gastroesophageal reflux

Gastroesophageal reflux is a common problem in humans; the term means that stomach contents, which are supposed to flow on down the GI tract, are refluxing, or flowing backward up into the esophagus.

We have always recognised that it is quite common in children; after all, baby spitting is nothing but reflux, and as Forrrest Gump might say, "Spit happens." But now we recognise that reflux, especially with associated reflux esophagitis, is the cause of a number of previously mysterious conditions. Among these are the pseudo-colicy symptoms of reflux esophagitis, persistent night cough syndromes, intractable "asthma," recurrent pneumonias, and chest pain.

A misconception exists about reflux and spitting up in small children. Some will say, "This cannot be reflux, because the baby does not spit up." This confuses spitting, which means the leakage from the stomach travelled all the way to the mouth and spurted out, to reflux in general, which may mean that the leakage only went part way up the esophagus. It is those babies - in whom not only does the refluxed material not always reach the mouth, but in whom the material is mainly stomach acid undiluted by milk - who have symptomatic gastroesophageal reflux, due to reflux esophagitis, caused by literal burning of the esophagus.

A review1 of available scientific studies finds that the traditional methods of dealing with gastroesophageal reflux are not proved to work. In light of these findings, the authors advise caution in using these interventions that really are not shown convincingly to work. The reviewers only found ten studies out of 35 that they reviewed which met their criteria for scientific validity of the results.

  • Two studies showed that neither positioning babies upright in an infant seat, nor elevating the head of the crib reduced reflux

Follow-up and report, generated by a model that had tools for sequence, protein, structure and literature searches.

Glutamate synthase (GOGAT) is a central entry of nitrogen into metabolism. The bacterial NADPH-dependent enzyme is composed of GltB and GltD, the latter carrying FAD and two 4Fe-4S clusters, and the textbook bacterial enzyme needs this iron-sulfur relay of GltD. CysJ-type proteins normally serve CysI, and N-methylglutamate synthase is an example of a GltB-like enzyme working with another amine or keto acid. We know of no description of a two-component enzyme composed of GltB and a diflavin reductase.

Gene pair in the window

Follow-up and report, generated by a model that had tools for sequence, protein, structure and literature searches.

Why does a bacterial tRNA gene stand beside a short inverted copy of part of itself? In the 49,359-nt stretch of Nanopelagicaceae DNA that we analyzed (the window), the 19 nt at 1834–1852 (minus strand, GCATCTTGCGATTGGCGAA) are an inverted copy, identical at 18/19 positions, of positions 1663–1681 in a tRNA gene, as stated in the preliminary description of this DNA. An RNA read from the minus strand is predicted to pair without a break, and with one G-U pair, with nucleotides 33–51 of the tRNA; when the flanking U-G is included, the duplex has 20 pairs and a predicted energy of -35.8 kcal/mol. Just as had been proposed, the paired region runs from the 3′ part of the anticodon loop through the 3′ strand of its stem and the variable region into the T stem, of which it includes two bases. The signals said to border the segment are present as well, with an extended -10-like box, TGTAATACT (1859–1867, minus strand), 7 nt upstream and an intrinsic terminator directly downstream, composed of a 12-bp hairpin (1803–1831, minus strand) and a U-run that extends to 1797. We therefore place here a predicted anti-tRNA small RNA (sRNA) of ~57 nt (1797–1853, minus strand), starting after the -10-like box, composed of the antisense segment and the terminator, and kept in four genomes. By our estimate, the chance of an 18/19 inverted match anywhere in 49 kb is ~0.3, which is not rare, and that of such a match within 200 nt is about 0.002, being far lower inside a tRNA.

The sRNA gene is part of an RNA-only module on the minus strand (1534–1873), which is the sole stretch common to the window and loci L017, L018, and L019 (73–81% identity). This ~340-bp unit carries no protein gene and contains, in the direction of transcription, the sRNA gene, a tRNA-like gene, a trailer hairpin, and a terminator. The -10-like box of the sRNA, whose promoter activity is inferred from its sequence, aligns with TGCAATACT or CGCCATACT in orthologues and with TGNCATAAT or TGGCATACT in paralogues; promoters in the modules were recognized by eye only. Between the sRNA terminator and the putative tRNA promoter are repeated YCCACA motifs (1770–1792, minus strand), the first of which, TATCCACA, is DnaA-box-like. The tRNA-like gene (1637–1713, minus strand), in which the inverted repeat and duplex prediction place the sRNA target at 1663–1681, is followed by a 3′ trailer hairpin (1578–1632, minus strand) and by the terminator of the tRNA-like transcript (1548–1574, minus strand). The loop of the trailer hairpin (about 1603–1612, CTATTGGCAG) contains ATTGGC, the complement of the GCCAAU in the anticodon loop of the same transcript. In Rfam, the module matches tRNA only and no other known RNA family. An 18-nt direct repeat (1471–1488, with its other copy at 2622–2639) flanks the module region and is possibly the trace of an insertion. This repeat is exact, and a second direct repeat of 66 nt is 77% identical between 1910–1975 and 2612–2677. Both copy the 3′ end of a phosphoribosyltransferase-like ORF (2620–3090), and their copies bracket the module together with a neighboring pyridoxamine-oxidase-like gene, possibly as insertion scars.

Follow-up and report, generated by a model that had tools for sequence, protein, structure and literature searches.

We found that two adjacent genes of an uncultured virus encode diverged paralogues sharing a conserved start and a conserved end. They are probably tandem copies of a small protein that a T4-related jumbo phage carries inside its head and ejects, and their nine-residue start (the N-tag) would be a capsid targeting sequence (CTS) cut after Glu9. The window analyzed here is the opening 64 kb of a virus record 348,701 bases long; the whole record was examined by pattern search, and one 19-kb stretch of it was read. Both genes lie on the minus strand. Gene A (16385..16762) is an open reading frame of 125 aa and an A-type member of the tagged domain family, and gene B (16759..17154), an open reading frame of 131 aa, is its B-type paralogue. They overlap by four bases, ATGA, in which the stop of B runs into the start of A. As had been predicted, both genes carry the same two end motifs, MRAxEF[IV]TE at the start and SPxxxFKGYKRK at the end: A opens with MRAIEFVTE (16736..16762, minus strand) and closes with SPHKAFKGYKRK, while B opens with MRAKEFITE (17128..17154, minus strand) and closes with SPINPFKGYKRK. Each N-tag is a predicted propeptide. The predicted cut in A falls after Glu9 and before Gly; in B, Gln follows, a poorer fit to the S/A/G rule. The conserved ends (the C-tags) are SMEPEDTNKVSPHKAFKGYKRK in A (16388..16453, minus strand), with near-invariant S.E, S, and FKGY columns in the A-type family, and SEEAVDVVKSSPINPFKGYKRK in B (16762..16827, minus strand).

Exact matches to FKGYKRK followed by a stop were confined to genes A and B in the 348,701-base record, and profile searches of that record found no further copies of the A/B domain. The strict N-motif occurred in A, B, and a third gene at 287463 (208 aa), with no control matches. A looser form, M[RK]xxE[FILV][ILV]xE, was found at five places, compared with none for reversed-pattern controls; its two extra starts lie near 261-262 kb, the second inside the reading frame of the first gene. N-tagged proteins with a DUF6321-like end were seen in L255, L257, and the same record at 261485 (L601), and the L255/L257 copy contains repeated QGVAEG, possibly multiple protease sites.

• Thickened formula did not significantly reduce reflux as measured by acid-monitoring pH probes, but did somewhat reduce outright vomiting; carob bean gum was significantly more successful in reducing reflux than adding rice flour
  • No good study evaluated whether smaller feeding volumes or more frequent feedings helped reduce reflux
  • There was no evidence pacifier use had anything to do with reflux, and formula changes were not shown to be beneficial

The authors cautioned that while the studies did not prove the therapies work, they also did not prove they do not work. But without more convincing evidence of efficacy, it is wise not to push potentially interventions that may cause more trouble for child and parents than beneficial effects. They reminded that "Nearly all cases will get better without any therapy at all... If the problem is severe, other treatments besides the ones we studied should be considered."

Medical (and sometimes even surgical) treatment is available for reflux and especially reflux esophagitis. Let happy spitters spit - they will grow out of it. Let unhappy refluxers be treated with the best that medicine has to offer; they can be helped.

1. Archives of Pediatric and Adolescent Medicine 2002;156:109-113.

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